Normally, a keyboard must be designed with soft-key operation in mind in order to be so used, but one can sometimes improvise. In the case shown here, for example, the soft-keys are the keys 1 through 9 in the 8032's numeric keypad. The little block of legends in the lower right-hand corner of the display can be thought of as appearing directly on the keys themselves, and the only difference between these legends and normal, "hard" legends is that these legends change once you have hit a particular soft-key.

For example, if you hit the "enable" soft-key on the HAT, the word "enable" is echoed onto the bottom line of the "Text Area" shown to the left, and the soft-key legends change to offer you the option of enabling aisle one, aisle two, or aisle three. When you select the aisle you want enabled, your choice is echoed to the Text Area, and the soft-key legends change again to tell you that the only thing you can now do is to hit RETURN (or CLEAR, in case you have changed your mind).

Once you hit RETURN, the command is executed, and the Text Area display scrolls up, retaining a record for you of what you did, in the king's English. Very little possibility for confusion here, especially when you consider that this arrangement makes it physically impossible for you to enter a command with invalid syntax!

A fair amount of "human-engineering" (that always sounds to me like android design) also went into the rest of the display shown in Figure 5. The "Bisync Communications Line" box acts as a continuous window onto the line connecting the HAT with its remote IBM mainframe, so that communications problems can be easily diagnosed and corrected. Bytes received are displayed here in normal field (green on black), while bytes transmitted are displayed in reverse field.

Since the HAT is on a multi-drop, shared communications line, it is "polled" in various ways by a network controller. These polling sequences cause the little circles beside the legends POLL, ACTIVATE, and DATA to light up from time to time. This ability to easily simulate LEDs, discrete scrolling windows, and so forth – as though designing a real, mechanical front panel – is one of the big advantages of a direct memory-mapped video display. I made the most of it.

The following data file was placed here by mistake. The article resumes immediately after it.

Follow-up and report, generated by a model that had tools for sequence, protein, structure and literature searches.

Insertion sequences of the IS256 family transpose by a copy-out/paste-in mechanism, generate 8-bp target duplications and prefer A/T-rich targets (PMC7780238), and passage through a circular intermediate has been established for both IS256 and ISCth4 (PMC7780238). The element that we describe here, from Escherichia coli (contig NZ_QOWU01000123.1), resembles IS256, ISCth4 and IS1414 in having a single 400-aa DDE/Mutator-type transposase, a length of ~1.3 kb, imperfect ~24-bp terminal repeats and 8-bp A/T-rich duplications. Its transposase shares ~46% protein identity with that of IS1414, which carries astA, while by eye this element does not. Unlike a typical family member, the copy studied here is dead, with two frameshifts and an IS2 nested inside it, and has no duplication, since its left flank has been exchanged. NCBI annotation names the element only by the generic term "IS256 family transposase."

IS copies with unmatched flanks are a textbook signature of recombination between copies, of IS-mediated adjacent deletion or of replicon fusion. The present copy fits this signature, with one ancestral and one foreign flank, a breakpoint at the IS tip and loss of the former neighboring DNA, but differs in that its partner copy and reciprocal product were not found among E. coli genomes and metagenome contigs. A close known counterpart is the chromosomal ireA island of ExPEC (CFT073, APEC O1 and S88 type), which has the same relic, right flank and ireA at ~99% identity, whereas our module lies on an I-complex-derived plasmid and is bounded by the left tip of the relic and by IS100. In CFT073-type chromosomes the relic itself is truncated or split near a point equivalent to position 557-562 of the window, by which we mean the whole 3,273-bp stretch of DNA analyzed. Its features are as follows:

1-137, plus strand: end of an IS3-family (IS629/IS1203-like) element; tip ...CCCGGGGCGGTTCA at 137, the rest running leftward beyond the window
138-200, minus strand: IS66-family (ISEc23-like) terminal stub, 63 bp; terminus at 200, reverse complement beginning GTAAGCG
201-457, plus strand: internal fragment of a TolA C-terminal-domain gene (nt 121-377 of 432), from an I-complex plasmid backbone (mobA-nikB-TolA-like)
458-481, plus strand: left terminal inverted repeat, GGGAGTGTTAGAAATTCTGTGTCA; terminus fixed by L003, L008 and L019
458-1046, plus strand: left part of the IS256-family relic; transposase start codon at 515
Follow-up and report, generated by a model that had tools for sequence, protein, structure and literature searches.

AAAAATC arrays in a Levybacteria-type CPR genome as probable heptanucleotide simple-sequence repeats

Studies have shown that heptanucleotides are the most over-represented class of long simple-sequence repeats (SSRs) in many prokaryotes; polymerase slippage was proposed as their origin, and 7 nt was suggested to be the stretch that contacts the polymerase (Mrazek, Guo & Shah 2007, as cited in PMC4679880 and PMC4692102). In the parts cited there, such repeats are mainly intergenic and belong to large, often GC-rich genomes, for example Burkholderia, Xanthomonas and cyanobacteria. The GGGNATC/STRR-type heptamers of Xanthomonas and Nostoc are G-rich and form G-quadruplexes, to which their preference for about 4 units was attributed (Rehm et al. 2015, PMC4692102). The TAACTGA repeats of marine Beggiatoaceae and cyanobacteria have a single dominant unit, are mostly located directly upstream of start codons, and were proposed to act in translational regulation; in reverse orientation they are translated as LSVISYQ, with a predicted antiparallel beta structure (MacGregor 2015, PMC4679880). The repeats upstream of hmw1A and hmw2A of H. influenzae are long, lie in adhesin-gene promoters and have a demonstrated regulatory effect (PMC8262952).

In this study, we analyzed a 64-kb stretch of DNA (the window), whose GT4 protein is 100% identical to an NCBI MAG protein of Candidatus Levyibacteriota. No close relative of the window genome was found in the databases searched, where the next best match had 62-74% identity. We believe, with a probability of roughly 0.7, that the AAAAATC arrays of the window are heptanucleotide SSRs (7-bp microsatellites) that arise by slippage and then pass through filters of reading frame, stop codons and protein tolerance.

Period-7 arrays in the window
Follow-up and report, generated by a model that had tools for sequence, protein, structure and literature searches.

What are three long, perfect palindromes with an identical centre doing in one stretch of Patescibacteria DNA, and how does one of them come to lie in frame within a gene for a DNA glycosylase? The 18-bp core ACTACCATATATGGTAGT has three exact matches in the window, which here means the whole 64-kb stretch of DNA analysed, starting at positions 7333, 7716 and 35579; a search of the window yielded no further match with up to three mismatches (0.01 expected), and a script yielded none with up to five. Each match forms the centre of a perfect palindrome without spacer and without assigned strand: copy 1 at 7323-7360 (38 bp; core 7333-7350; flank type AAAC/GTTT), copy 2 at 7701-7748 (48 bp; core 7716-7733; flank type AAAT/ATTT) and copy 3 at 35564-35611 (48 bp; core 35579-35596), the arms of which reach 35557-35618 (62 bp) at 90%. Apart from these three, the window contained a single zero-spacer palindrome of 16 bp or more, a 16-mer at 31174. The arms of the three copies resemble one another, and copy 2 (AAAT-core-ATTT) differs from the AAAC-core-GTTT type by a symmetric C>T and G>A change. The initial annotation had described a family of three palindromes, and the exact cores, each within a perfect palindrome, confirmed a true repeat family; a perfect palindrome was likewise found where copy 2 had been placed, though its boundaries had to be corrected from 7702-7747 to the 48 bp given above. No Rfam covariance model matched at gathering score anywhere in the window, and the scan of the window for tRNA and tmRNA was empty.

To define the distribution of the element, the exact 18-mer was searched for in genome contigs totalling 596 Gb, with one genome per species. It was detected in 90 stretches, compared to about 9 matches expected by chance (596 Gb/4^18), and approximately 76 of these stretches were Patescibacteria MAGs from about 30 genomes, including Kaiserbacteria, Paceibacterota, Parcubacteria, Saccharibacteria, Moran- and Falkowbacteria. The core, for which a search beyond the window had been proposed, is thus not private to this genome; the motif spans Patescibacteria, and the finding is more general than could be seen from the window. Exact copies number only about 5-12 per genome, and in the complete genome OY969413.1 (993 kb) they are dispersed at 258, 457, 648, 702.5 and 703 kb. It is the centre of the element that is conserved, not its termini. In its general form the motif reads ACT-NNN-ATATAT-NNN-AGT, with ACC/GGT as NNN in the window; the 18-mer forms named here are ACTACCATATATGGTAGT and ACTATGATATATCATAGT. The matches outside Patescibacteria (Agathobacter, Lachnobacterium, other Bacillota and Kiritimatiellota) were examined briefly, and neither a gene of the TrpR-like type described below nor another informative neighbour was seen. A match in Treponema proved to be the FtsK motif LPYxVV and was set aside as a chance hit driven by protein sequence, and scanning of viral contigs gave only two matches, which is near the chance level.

The upper part of the HAT display is devoted to system status, which is logically grouped by aisle. A queue of pending bin requests is maintained for each side of each aisle, and bins currently active in each case are highlighted through the use of reverse field. Aisle mode and status are displayed in English, with highlighting where appropriate.

These fields are all continuously updated in realtime on the screen – the memory-mapped video of the 8032 makes it possible to maintain a high data rate to the tube with very little processor overhead, while the graphics and reverse field capabilities of the machine allow this information to be organized and presented in a clear and aesthetically pleasing way. The fact that the 8032's display is a full 80 columns wide was certainly a boon to us too, as you can see.

No static photograph can really give you an adequate idea of what the HAT screen looks like when the system is in operation. The bytes in the bisync window are constantly whizzing around, while the status fields for each of the aisles are continually changing as the cranes go through their paces. Meanwhile, the bin queues are constantly filling up and emptying out, allowing you to watch as each bin request gradually moves up in sequence until it becomes current.

The little POLL, ACTIVATE, and DATA lights blink on and off like mad. And, in spite of all this activity, the operator can enter commands to add new queue entries, purge old ones, enable and disable aisles, and so forth whenever he or she likes, without regard to what else the system might be doing at the time. Operating the HAT actually has a lot in common with playing.a realtime video arcade game. It's (dare I say it?) actually fun.

Everybody's Happy

There is a good deal more to the HAT, and to the system as a whole, than I have been able to address here, but I hope that this has given you some feel for what a personal computer is really capable of when pressed to its limits. The HATand its M6800-controlled cranes have been in operation for several months now and, so far, have run virtually trouble-free. Our customer reports system throughput on the order of double what it was before, and his operators are happy because their jobs are now easier and less confusing.

All of this makes my boss happy that we went with the CBM 8032, and that makes me happy because I'm the one that talked him into it. I'm also happy that I could use this project to demonstrate the viability of RPL in a highly demanding and cost-sensitive application. The next time you're designing a process control system for serious industrial use, think twice about the possibility of rounding it out with a "personal" computer.